Russian elites warn West: Sanctions will never move Putin

Andrey Kostin: 2015 will be difficult for Russia
Andrey Kostin: 2015 will be difficult for Russia

Russian political and business leaders are warning the U.S. and Europe not to push too far as the sides clash over sanctions.

Igor Shuvalov, first deputy prime minister of Russia, warned that Western sanctions are only making a difficult situation worse.

"Sanctions will never ever force [President Vladimir Putin] to do anything differently," he said during a talk at the World Economic Forum, noting that sanctions have encouraged the population to rally around Putin.

"If Russia is told 'Go to that corner, sit their quietly and we will teach you [a lesson with] our sanctions', nothing will be solved and it will be a bleeding wound for decades," he said.

It's widely assumed that Western sanctions against Russia will not increase further.

But the CEO of Russia's state-owned bank VTB warned any attempt to shut Moscow out of a global system used to process payments -- known as SWIFT -- would mark a serious escalation.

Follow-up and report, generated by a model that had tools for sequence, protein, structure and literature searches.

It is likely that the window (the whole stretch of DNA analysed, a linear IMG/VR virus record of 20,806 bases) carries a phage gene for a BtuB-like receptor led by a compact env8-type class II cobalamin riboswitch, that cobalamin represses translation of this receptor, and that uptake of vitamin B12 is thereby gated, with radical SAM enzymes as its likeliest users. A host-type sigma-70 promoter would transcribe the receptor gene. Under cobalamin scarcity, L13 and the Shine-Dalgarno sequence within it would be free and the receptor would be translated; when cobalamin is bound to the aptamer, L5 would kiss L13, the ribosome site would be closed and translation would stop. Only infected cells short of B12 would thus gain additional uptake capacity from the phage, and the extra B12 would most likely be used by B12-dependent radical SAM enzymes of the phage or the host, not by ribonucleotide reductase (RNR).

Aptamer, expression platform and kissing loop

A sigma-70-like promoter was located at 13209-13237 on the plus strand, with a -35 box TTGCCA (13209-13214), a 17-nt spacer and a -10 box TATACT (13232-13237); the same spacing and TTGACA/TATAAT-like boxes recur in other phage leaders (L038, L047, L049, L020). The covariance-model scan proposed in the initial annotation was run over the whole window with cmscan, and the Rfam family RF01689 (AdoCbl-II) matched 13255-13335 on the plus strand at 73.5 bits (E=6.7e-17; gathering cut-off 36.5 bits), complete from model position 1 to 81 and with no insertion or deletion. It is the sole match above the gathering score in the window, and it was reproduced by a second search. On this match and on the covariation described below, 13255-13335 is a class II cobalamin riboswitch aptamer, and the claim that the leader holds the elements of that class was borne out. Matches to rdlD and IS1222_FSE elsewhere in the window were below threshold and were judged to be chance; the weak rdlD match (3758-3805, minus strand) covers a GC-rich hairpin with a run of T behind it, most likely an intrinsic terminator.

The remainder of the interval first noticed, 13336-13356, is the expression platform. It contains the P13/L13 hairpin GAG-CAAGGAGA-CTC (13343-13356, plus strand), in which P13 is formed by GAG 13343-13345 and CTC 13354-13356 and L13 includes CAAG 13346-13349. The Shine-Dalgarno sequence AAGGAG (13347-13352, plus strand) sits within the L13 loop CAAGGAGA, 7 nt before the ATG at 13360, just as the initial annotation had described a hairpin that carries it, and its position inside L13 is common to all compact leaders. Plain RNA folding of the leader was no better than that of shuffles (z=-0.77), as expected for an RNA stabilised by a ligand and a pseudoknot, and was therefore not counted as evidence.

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It's a weapon that has been used before -- Iran was barred from SWIFT in 2012. The U.K. reportedly suggested using it against Russia this summer.

"Russia and America might have no relationship after that," said VTB's Andrey Kostin on Friday.

"If there is no SWIFT, there is no banking ... relationship, it means that the countries are on the verge of war, or they are definitely in a cold war," he said.

Ukraine's president said this week he would call for tougher sanctions if Russia continued to flout a peace agreement signed in September.

VTB, like Russia's other leading banks, has already been prevented from raising money from European and U.S. investors under sanctions imposed last year.

The sanctions are part of a coordinated effort by Western nations to punish Russia for its role in annexing Ukraine's Crimea region and supporting pro-Russian rebels in eastern Ukraine.

The sanctions, combined with falling oil prices, have hobbled Russia's economy. The value of the ruble has halved over the past few months, sending inflation soaring above 10% and shock waves across the country.

The Russian government is trying to alleviate the pain by pumping money into big banks that are being starved for cash by Western sanctions.

Europe is due to review some sanctions in March, but unless the situation in Ukraine improves between now and then, it's highly unlikely to relax its stance.

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